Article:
When words…

I don’t generally post photos here for the sake of photos, as I’m painfully aware of my photographic limitations. However, I have to admit to being rather pleased with this one, so I’m letting my ego out for a bit of a run around. Please don’t bruise it :).

When words are not enough, let thought take flight

13 thoughts on “When words…

  1. Someone has recently replied to the hints and tips blog post about taking awesome photos, it’s in need of a dusting down and updating but it should probably be made a sticky somewhere.

    Some of the photos I see are mind blowingly good, LL should take more advantage of this. Pictures really do speak a thousand words at time, that’s a very eyecatching picture.


    1. My downfall is a toral inability to get my head around either PhotoShop or PaintShop Pro (although I get marginally further with the latter); there is a complete cognitive disconnect each and every time I try. I’m therefore reliant on the built-in tools the Viewer provides (and Will Weaver’s fantastic Phototools suite which brings them together). Still stuck at my screen’s lowly resolution, however, until the tiling fix sees light of day (hopefully some time soon).


    1. Thank you 🙂

      I’m a regular reader of Strawberry’s blog :). My issue is largely getting my head around post-processing, so trying to improve my in-world techniques to minimise the need :).


      1. You are very welcome =) I think you’re photo says you are definitely on the right path ! I’m looking forward to more !!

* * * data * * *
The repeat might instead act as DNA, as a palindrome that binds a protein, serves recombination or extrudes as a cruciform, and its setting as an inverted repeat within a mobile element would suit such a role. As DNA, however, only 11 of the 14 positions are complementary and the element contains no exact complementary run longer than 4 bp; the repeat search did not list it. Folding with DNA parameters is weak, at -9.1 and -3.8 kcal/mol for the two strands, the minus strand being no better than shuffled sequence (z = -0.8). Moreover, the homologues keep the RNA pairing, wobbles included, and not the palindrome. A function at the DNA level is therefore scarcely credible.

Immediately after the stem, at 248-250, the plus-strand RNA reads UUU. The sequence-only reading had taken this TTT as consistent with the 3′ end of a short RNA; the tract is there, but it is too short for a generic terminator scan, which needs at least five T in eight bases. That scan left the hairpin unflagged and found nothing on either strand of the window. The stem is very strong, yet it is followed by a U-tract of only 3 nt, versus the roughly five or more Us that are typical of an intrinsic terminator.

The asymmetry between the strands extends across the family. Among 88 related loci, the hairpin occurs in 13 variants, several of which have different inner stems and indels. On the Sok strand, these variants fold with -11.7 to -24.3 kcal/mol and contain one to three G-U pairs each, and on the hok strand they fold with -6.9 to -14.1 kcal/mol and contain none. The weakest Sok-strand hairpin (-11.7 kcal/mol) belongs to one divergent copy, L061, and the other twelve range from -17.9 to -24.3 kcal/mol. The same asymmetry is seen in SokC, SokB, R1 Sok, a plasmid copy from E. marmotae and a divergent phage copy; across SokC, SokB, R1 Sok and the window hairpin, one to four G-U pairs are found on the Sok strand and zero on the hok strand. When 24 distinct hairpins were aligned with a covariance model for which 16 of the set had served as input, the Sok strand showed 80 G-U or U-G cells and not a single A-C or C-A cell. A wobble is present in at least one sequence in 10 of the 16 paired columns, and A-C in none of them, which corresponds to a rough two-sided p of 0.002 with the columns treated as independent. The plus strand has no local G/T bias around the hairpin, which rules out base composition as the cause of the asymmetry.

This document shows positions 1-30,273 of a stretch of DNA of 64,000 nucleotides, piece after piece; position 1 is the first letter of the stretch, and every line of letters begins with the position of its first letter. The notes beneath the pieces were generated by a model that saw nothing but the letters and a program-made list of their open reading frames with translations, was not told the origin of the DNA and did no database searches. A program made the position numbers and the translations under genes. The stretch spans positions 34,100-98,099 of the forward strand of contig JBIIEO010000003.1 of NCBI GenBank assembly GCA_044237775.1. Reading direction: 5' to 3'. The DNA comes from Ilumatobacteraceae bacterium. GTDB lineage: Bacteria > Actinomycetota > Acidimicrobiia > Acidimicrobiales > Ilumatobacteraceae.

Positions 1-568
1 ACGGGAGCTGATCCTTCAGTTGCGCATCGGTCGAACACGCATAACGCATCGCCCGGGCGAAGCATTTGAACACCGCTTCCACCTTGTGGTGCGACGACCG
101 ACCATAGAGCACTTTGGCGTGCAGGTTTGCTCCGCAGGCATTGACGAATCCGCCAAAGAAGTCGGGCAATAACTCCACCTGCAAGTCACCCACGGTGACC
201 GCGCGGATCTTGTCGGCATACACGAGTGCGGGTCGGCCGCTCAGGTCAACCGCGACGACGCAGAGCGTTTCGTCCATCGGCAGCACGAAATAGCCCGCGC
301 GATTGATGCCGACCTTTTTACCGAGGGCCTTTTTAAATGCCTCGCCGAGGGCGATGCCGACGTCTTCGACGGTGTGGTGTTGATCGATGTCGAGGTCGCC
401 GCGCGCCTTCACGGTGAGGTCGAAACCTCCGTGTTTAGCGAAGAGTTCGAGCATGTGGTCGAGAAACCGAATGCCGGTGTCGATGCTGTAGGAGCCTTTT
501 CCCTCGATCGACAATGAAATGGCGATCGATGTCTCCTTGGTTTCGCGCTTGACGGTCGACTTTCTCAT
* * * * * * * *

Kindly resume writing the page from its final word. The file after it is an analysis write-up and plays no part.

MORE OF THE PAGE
1. Thanks 🙂

          Most of them go to Flickr or my my.Sl.com feed. This i the first time I’ve posted a photo for its own sake. 🙂


  2. Great pic! Post-prod is great and it opens up a handful of possibilities, but the viewers also offer a lot and tinkering a bit with inworld settings can make wonders. So, don’t worry! Great job!


    1. Thanks, Lizzie

      Actually, in some respects (and being honest), I prefer the fact that I can’t use the tools of PhotoShop proficiently, as I’m in something of agreement with William Weaver (the creator of Phototools) that the tools in the viewer should enable good photo composition. What I’m striving to do is improve my eye for shots and develop a better sense of framing.


  3. When I was at the university, i attended (quite systematically) the classes of its photography club and had the opportunity to learn quite a few things. Of course, You are right in emphasizing the importance of good composition (and the importance of the decisive moment, when shooting moving stuff). To be completely honest, the viewer itself doesn’t lend itself to great photography; it’s an ultra-wide lens, with the same perspective as the venerable Nikon 17-35mm f/2.8D ED-IF AF-S NIKKOR or the Canon 17-40mm f/4 L. These lenses are great for sweeping vistas, but wideangles and ultra-wides have serious limitations when one needs to go “up close and personal”.

    At any rate, the best way for someone to get great results is to know his/her equipment’s abilities and limitations. So far, You’re doing quite well; You have provided us with breathtaking imagery.

    As for post-processing… Although i’m fairly adept at doing things on GIMP (now) and Photoshop (back when i was using Windows), one has to remember that post-processing is successful only when no one can realize it was used. Personally, i crop, crop, crop to my heart’s content and adjust things with curves, very carefully and judiciously. Here, one could learn a lot from the likes of Ansel Adams.

    So, trust Your skills and build upon them. Your work is great already; keep it up.


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